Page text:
This past weekend I took a break from working on the stairwell to put the finishing touches on the built-in hutch in the living room. I thought the built-in was finished months ago, but a few weeks after it was installed, resin from the pine casing and drawer fronts began to leach into the white painted finish, discoloring it. It was just a faint yellow streak here and there at first, but after 9 months, the discoloration had spread and darkened. I finally primed the built-in with stain-blocking B-I-N shellac primer and repainted the whole thing last weekend. While I was painting, I realized that the last time I wrote a post about the living room, it was a mostly-empty space filled with left-over materials from the kitchen renovation. A lot has changed since then, and a living room update is long overdue.
Just a quick reminder before we get started – this room was a complete disaster when I first moved in. Here it is just a few weeks before I bought the place. Chunks of plaster were missing from the wall, some of the walls were covered in textured wall paper, and the maple floors were beat up beyond recognition. My contractor, Gregg, patched and skim coated the walls, and cleaned up and painted the molding, and brought this room back from the dead.
Three years later, the living room has turned out to be my favorite room in the condo. It’s a huge space (by Boston apartment standards, anyway) and it’s chock full of stately Greek Revival architectural details – chunky, column-like casing around the windows and doors, 10-foot ceilings, a monumental marble mantel with a cast iron fireback depicting pastoral scenes, and original, sweeping bow-front windows. Back in the 1840s when the building was completed as a single family townhouse, this would have been one of the most formal rooms in the house. And lucky for me, a lot of this formal architecture was preserved. Furnishing and decorating this room was pretty easy – the room’s architecture does most of the heavy lifting here. Even so, it’s come a long way over the past three years.
This is the view of the living room as you enter from the dining room. When I first moved in, the pair of closets flanking the mini hallway that connects these two rooms had unfinished louvered doors, which looked completely out of place (and collected a shocking amount of dust). I replaced the louvered doors with two pairs of solid, single panel doors. Now this little hallway fits right in with the living room’s elegant casing and trim.
The new built-in is immediately to the left when you walk into the room. The built-in brought some balance to what was an awkward, empty corner of the room, and at the same time added some much-needed storage and functionality to the space. We hung the tv on an articulated wall mount, which allows us to angle it into the room when we’re using it, and to leave it hidden away in the corner when it’s not in use. I found a set of antique drawer pulls from the 1870s on eBay for the unit’s four lower drawers. The style of the pulls is a little more extravagant than the rest of the room’s austere architecture, but they add some interest to the otherwise boxy built-in.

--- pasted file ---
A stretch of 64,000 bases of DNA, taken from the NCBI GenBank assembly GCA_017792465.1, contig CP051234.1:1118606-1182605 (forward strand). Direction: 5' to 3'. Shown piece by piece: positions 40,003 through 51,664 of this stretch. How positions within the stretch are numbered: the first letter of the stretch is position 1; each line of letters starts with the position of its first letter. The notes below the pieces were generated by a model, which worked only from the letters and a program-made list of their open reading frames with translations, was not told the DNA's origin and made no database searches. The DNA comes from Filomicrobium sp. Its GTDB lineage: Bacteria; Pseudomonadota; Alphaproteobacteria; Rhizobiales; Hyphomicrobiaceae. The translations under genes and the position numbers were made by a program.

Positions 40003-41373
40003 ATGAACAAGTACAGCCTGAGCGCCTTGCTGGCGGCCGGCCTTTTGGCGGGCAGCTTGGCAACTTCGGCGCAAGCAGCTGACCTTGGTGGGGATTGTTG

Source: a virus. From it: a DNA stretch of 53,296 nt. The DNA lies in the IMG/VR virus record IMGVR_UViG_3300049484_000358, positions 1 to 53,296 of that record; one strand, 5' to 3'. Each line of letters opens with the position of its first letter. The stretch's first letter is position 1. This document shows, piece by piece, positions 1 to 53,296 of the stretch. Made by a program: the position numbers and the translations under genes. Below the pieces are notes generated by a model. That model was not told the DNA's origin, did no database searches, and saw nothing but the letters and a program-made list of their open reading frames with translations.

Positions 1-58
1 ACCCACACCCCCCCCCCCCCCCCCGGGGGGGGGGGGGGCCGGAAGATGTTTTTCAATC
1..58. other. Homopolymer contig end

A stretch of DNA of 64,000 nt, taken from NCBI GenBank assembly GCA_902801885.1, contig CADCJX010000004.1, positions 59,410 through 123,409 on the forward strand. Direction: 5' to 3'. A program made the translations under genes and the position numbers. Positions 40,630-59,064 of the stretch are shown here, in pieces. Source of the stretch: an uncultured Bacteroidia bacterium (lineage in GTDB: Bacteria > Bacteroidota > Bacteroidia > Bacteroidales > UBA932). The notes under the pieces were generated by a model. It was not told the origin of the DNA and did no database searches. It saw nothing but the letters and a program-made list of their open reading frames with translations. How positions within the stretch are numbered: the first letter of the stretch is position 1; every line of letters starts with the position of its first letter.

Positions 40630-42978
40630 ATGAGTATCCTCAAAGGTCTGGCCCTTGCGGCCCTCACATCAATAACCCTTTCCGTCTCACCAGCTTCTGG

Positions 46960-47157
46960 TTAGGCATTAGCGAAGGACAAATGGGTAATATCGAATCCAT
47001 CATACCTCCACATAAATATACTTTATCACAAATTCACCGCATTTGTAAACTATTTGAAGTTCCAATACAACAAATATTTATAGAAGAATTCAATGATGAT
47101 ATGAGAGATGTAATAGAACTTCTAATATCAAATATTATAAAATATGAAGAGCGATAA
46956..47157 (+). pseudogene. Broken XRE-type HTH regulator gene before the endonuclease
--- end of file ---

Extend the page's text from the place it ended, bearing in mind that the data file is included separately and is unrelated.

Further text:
There’s a door to the common stairwell directly opposite the built-in. The size, shape, and style of the built-in reflect this doorway, bringing another line of symmetry to the space. We bought the barrister bookcase on the last day of the Brimfield Antique Show last fall.
Working our way around the room, we come to the marble fireplace. This is the focal point of the entire room — even though the fireplace is non-functional (the chimney masonry is degraded), it’s hard to miss this giant chunk of carved marble in the center of the room.
We arranged the seating area around the fireplace, with the sofa facing the mantel. We didn’t want to hang the tv over the fireplace, but clearly something needed to go there. We eventually settled on this print of a seascape collage by Matthew Cussick. The entire image is made of cut-out pieces of old maps and charts. It seemed appropriate since we live right next to the harbor.
For a while we thought about creating an L-shaped seating area with the sofa and a love seat. This is a big room – the carpet in the center is 9×7 feet to give you a sense of scale – and it could easily accommodate a love seat/sofa set up. But after years of living in cramped apartments, we really enjoyed all of the open space. So instead, we decided to get a small armchair and an end table to fill in the short side of the L-shaped seating area, leaving plenty of empty space around the furniture. We also chose an arm chair and sofa with low backs that wouldn’t block the bow-front windows at the back of the room.
And speaking of the bow-front, we also decided to leave it mostly open. The small drop-leaf table is from an antique mall in Worcester. It looks like it was hand-made and probably dates from the mid-19th century. It’s the only piece of furniture in the room that’s close to the same age as the building, and it looks right at home between the two bow-front windows.
So that’s it, the current state of the living room. It feels like the most put-together room in the condo, and it’s become one of our favorite places to spend time at home. I’ll be back next time with an update on progress in the stairwell, where things are finally starting to come together.